I was hired by Anatoly Plotkin, CTO of Cryptologic Inc. in 1998 as a 'web assistant' in Toronto. I was promoted to the position of Art Director, hiring a staff of 10 graphic designers. We collaborated with the programming department headed by Serguei Bourenkov to create the world's first multiplayer online casino, in a which the art department rebranded for a dozen clients.
In the fall of 2000 I was hired by an online startup run by Damien Aspinall of Aspinall's Casino in London England. Although I had an amazing time in London, this job was frustrating and futile, ending in 2002 with the sale of the company and a complete layoff of the staff.
In late 2002 I relocated to Vancouver, where I met Bernard Armani, the owner of Dermamed Pharmaceuticals, who hired me to run an e-commerce site selling a new private label of his skin care product line. 'N2 Natural Health' ran for a couple of years until it was determined that sales were not good enough to continue.
Armed now with an array of skills including 3d animation, video compression, web development and Linux system administration, I did many jobs for many people in Vancouver before meeting Ryan Holmes of Invoke Media. This was 2007, just before Ryan would start Hootsuite, and we were making websites for local businesses.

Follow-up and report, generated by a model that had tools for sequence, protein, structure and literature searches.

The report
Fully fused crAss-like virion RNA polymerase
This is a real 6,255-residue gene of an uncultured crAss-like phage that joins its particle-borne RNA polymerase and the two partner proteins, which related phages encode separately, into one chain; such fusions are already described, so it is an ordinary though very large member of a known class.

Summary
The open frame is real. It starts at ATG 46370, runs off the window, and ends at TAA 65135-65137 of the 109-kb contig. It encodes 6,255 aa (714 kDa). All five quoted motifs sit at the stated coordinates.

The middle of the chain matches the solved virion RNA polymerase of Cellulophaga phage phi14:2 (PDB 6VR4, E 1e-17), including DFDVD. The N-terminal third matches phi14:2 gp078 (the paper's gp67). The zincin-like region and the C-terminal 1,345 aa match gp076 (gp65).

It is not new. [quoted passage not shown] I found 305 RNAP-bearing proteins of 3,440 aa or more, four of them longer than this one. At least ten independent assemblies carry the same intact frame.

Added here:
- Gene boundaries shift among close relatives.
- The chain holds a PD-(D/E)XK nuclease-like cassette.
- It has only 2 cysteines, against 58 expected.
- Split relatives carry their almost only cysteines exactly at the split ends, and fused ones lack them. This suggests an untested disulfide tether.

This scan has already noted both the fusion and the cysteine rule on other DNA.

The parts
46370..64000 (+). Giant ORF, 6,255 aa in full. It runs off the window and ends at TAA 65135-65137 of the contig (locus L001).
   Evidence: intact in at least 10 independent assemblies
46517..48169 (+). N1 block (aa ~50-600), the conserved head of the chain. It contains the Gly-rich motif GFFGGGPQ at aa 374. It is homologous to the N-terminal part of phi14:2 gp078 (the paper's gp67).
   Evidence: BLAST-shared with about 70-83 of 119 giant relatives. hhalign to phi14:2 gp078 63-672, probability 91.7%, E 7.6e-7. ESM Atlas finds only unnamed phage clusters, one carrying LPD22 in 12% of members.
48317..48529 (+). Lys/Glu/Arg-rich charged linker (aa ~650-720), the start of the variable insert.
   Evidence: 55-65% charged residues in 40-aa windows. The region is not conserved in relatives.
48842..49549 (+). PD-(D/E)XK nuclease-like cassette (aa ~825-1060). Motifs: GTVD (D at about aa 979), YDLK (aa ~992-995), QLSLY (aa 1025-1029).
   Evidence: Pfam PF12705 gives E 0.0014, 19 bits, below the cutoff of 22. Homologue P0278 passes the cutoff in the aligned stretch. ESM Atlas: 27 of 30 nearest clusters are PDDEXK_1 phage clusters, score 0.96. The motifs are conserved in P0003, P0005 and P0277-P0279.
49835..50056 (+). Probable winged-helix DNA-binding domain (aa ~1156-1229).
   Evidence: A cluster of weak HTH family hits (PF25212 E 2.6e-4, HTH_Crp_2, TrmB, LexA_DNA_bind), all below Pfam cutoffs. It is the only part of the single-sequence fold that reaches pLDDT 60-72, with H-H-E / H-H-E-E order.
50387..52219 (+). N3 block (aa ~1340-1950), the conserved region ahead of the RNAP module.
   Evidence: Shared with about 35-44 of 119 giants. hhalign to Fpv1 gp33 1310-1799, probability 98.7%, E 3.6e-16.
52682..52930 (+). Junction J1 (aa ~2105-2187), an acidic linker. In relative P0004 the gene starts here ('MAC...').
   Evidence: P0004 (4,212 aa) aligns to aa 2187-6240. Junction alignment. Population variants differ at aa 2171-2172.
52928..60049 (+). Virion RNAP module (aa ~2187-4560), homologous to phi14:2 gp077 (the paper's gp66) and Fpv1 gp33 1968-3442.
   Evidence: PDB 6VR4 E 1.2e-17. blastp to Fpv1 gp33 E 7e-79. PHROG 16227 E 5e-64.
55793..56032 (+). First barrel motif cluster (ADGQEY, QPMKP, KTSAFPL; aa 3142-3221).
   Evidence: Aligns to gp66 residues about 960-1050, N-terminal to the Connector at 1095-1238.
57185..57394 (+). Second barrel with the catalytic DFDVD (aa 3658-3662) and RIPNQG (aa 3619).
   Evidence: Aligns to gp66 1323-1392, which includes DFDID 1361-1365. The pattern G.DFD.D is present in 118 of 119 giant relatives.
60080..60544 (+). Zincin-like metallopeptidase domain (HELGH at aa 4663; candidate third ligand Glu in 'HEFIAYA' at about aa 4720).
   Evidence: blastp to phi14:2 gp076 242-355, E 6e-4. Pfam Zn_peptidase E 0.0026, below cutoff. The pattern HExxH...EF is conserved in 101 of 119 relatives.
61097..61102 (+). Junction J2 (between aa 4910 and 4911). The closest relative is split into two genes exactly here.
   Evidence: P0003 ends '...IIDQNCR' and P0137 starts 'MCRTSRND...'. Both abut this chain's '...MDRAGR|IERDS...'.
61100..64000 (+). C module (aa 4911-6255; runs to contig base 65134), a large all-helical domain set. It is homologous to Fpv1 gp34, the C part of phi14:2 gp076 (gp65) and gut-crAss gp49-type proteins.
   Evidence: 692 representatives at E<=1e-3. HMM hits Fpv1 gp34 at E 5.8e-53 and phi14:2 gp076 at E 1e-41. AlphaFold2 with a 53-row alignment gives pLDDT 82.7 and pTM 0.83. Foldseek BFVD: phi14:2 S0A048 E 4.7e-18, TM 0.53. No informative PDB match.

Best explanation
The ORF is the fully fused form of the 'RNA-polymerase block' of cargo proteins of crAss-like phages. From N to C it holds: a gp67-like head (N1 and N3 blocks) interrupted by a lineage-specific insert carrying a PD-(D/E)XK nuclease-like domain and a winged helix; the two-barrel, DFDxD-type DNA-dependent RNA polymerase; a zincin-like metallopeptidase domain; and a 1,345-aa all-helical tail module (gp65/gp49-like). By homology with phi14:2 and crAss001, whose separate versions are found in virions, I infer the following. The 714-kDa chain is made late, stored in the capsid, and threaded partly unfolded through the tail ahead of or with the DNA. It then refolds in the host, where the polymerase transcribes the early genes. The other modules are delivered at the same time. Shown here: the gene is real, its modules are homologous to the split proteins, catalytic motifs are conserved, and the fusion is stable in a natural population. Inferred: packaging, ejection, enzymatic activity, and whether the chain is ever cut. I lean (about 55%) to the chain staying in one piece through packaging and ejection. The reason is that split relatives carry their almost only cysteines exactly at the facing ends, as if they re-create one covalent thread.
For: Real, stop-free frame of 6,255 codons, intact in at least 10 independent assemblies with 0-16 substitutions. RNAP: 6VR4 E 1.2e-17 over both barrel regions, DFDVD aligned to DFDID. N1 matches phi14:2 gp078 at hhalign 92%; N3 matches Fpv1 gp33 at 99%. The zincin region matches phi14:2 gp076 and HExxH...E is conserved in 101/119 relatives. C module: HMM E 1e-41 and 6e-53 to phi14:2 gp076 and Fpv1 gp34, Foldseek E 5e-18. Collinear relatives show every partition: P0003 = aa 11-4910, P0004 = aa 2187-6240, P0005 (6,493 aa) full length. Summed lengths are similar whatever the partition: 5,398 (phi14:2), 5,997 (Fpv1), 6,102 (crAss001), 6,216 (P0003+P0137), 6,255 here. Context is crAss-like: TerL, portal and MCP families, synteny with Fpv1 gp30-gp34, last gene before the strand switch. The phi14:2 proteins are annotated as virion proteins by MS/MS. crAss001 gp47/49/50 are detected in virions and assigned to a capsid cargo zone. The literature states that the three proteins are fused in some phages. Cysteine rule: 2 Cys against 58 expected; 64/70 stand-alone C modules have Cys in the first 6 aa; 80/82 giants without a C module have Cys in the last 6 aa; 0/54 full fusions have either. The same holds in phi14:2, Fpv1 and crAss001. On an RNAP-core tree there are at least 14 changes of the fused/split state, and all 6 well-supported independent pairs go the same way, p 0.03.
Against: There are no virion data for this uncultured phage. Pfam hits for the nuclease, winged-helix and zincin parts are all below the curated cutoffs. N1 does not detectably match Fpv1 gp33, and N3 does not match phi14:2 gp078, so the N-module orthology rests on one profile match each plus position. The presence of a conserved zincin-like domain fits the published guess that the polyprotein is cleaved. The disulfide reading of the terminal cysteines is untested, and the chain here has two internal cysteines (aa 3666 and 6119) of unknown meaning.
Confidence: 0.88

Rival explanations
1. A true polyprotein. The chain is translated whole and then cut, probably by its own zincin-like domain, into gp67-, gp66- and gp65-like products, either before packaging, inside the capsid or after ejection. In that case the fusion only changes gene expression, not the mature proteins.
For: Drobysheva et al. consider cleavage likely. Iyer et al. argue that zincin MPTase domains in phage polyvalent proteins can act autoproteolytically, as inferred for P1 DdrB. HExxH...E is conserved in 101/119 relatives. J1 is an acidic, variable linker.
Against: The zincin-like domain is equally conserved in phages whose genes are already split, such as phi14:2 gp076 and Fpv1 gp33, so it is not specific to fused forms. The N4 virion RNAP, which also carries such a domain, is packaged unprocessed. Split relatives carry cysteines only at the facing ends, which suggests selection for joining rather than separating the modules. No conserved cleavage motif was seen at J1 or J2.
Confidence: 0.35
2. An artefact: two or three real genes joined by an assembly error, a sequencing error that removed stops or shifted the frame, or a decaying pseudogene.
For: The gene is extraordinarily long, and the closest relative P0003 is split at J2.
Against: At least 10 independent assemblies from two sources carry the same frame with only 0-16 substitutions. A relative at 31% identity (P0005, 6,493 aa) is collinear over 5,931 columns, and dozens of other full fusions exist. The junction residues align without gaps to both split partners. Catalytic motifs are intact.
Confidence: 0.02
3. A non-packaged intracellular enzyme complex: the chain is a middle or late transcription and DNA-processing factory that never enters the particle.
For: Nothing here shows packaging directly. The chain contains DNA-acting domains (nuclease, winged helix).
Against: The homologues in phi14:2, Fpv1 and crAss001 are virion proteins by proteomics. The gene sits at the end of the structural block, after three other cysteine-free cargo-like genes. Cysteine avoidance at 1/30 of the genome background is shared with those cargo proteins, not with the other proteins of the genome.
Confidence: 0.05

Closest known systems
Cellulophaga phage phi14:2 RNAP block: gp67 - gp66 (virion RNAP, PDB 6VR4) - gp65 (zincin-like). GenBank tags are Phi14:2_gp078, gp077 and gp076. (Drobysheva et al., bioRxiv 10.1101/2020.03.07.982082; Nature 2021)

Ryan introduced me to Nick Kerchum, with whom he was backing a project with that would put the work of real local DJs into the background music playing at restaurants and bars. The job was to create a music player using embedded computing hardware and an online portal to manage music on them.
I had been closely following the advent of the x86 consumer electronics platforms and looking for a business case to profit from what they could offer. The business grew slowly, Ryan sold out, but I kept refining the product and there was just enough recurring monthly revenue to keep going. I worked closely with Andrew Latchford of the Cactus Club Café, and Cary Skidmore of Glentel Inc. to reliably deliver media across their chains of stores.
The business peaked in 2012, and as the industry leaned heavily towards cheaper automated solutions from vendors like Spotify and Stingray, growth slowed to a halt. I vacated the roles of hardware, support and logistics to focus strictly on computer programming. I developed three successive iterations of a control system for background music in commercial environments, learning nodejs, Drupal 8, mongodb, and golang in the process.
Now I am doing freelance work, and looking for the next big project to pursue. You can find me on Twitter if you want to chat. I'm eager to connect with anyone interested in teamwork and programming.
(Pictured is my living room in 2010)